Get the whole story in the pages of National Geographic magazine.

E-mail this page to a friend


Online Extra

Discover the strip of heavily armed land that may be the flashpoint of war between the two Koreas in this multimedia special.


Apache helicopter maneuvers? Target practice with tanks? Life inside the DMZ is truly another world.


What options are available to the international community for forcing North Korea to disarm?


Go back to 1910 when Korea's political differences divided families.

More to Explore

In More to Explore the National Geographic magazine team shares some of its best sources and other information. Special thanks to the Research Division.

Did You Know?
Efforts to make contact with family members separated by the division of the Korean peninsula bore fruit for 560 South Koreans in late February, when they traveled north with the Inter-Korean Reunion of Separated Families. Although it was the sixth such reunion, the trip marked a first: The pilgrims took a newly opened overland route right through the Demilitarized Zone. The use of the cross-border road didn't just make their journey to North Korea's Mount Kumgang reunion site more convenient than the sea route used by participants in earlier reunions—it also symbolized the earnest hope of many thousands of Koreans that the path to such meetings in the future will become smoother and swifter.

Acknowledging and planning for the fulfillment of these dreams, the Red Cross in North Korea has agreed to provide a building site in the Mount Kumgang resort area as well as working personnel for a 1,000-person capacity reunion center. Its southern counterpart has pledged the building materials and equipment. Groundbreaking was expected in April, with a one-year target completion date.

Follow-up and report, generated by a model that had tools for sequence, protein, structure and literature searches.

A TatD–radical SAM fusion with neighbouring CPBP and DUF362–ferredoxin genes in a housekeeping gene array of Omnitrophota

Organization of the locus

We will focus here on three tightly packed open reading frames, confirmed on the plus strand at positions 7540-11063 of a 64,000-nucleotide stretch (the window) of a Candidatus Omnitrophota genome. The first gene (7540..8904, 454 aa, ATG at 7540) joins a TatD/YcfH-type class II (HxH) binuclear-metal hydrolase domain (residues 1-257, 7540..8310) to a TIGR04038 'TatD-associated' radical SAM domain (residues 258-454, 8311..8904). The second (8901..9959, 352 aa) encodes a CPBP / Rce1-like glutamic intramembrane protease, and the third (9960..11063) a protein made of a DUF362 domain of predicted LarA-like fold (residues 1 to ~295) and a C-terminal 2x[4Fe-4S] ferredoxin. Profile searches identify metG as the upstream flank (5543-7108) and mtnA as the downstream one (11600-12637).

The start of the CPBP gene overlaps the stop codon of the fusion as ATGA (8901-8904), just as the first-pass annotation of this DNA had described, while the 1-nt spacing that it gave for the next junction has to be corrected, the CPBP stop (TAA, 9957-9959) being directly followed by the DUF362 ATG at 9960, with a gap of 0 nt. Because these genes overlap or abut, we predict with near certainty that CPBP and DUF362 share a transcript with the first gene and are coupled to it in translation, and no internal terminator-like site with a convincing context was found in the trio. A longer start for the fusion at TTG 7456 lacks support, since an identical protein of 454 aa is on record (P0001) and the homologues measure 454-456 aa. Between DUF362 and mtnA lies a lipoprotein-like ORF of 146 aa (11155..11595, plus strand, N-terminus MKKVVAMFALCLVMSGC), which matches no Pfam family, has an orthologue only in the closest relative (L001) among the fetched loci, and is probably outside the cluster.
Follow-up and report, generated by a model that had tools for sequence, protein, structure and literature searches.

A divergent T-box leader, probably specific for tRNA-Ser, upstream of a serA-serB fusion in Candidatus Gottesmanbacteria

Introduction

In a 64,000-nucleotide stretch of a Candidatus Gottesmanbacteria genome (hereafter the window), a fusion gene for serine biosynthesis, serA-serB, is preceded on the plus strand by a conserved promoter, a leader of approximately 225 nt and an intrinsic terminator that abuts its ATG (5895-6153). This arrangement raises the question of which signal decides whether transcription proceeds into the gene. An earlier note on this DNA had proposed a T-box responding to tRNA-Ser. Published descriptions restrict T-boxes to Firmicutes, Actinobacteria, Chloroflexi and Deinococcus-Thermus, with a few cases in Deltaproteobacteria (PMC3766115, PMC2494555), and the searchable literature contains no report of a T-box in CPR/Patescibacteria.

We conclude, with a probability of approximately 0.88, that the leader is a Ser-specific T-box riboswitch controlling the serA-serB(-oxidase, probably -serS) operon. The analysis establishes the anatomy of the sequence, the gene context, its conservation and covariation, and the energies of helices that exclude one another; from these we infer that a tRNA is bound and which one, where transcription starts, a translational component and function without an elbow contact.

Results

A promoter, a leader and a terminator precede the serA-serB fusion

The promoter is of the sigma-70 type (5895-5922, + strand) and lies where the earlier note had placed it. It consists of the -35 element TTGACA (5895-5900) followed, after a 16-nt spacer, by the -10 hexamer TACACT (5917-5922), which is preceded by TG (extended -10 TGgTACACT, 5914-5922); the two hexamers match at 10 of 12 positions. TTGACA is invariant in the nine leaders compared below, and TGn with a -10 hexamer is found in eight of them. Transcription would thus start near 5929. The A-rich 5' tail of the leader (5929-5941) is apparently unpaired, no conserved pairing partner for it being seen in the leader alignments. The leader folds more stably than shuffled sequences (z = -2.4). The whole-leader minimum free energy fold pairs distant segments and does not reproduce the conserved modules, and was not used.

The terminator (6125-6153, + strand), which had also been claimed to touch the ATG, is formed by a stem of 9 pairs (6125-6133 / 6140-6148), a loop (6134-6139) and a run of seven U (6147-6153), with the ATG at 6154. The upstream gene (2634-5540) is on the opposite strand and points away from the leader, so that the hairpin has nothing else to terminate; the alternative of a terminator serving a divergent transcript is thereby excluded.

Anyone interested in keeping up with these efforts may read the monthly reports posted by the South Korean Ministry of Unification at

—Nancie Majkowski

Did You Know?

Related Links
The DMZ Forum
Read about conservationists' work toward establishing a peace park and environmental laboratory in the Korean Demilitarized Zone.

U.S. Army Second Infantry Division (2ID)
Gain insights into the work and life of members of the 2ID through many informative links, including one to the Indianhead, the division's biweekly newspaper.

Council on Foreign Relations
Examine analysis of the events leading to the tensions created by North Korea over its possible nuclear capabilities in the Council's "North Korea: Background on the Crisis" presentation.

South Korean National Intelligence Service
This site analyzes North Korean news and follows developments in many aspects of life there.

United Nations Command/U.S. Forces Korea
Review background papers on historical and contemporary topics related to the armed forces maintaining the security of the DMZ and Joint Security Area.

International Crane Foundation (ICF)
Read about the ICF's conservation and education efforts on behalf of the red-crowned cranes that winter in the DMZ, as well as profiles of over a dozen other species.

South Korean Ministry of National Defense
This site contains current defense reports comparing the military capabilities of South Korea and North Korea.


Alexander, Bevin. Korea: The First War We Lost. Hippocrene Books, 2000.

Bermudez, Joseph S., Jr. The Armed Forces of North Korea. I. B.Tauris, 2001.

Harrison, Selig S. Korean Endgame: A Strategy for Reunification and U.S. Disengagement. Princeton University, 2002.

Hodge, Homer T. "North Korea's Military Strategy," Parameters (April 1, 2003).

Kim, Chae-Han. The Korean DMZ—Reverting Beyond Division. Sowha, 2001.

Kim, Ke Chung. "Preserving Biodiversity in Korea's Demilitarized Zone," Science (October 10, 1997), 242-43.

Kirkbride, Wayne A. Panmunjom: Facts About the Korean DMZ. Hollym, 1985.

Natsios, Andrew S. The Great North Korean Famine: Famine, Politics, and Foreign Policy. United States Institute of Peace Press, 2001.

Oberdorfer, Don. The Two Koreas, 2nd ed. Basic Books, 2001.

Oh, Kongdan, and Ralph C. Hassig, editors. Korea Briefing 2000-2001: First Steps Toward Reconciliation and Reunification. M. E. Sharpe Publishers, 2002.

Snyder, Scott. Negotiating on the Edge: North Korean Negotiating Behavior. United States Institute of Peace Press, 1999.


NGS Resources
Knipp, Steven. "Doing the DMZ," National Geographic Adventure (April 2000), EA10-11.

"Ages of Conflict Spur Fight Over Sea's Name," National Geographic (October 1996), Geographica.

Kim, Edward H. "A Rare Look at North Korea," National Geographic (August 1974), 252-77.


© 2004 National Geographic Society. All rights reserved. Privacy Policy       Advertising Opportunities       Masthead

National Geographic Magazine Home Contact Us Forums Shop Subscribe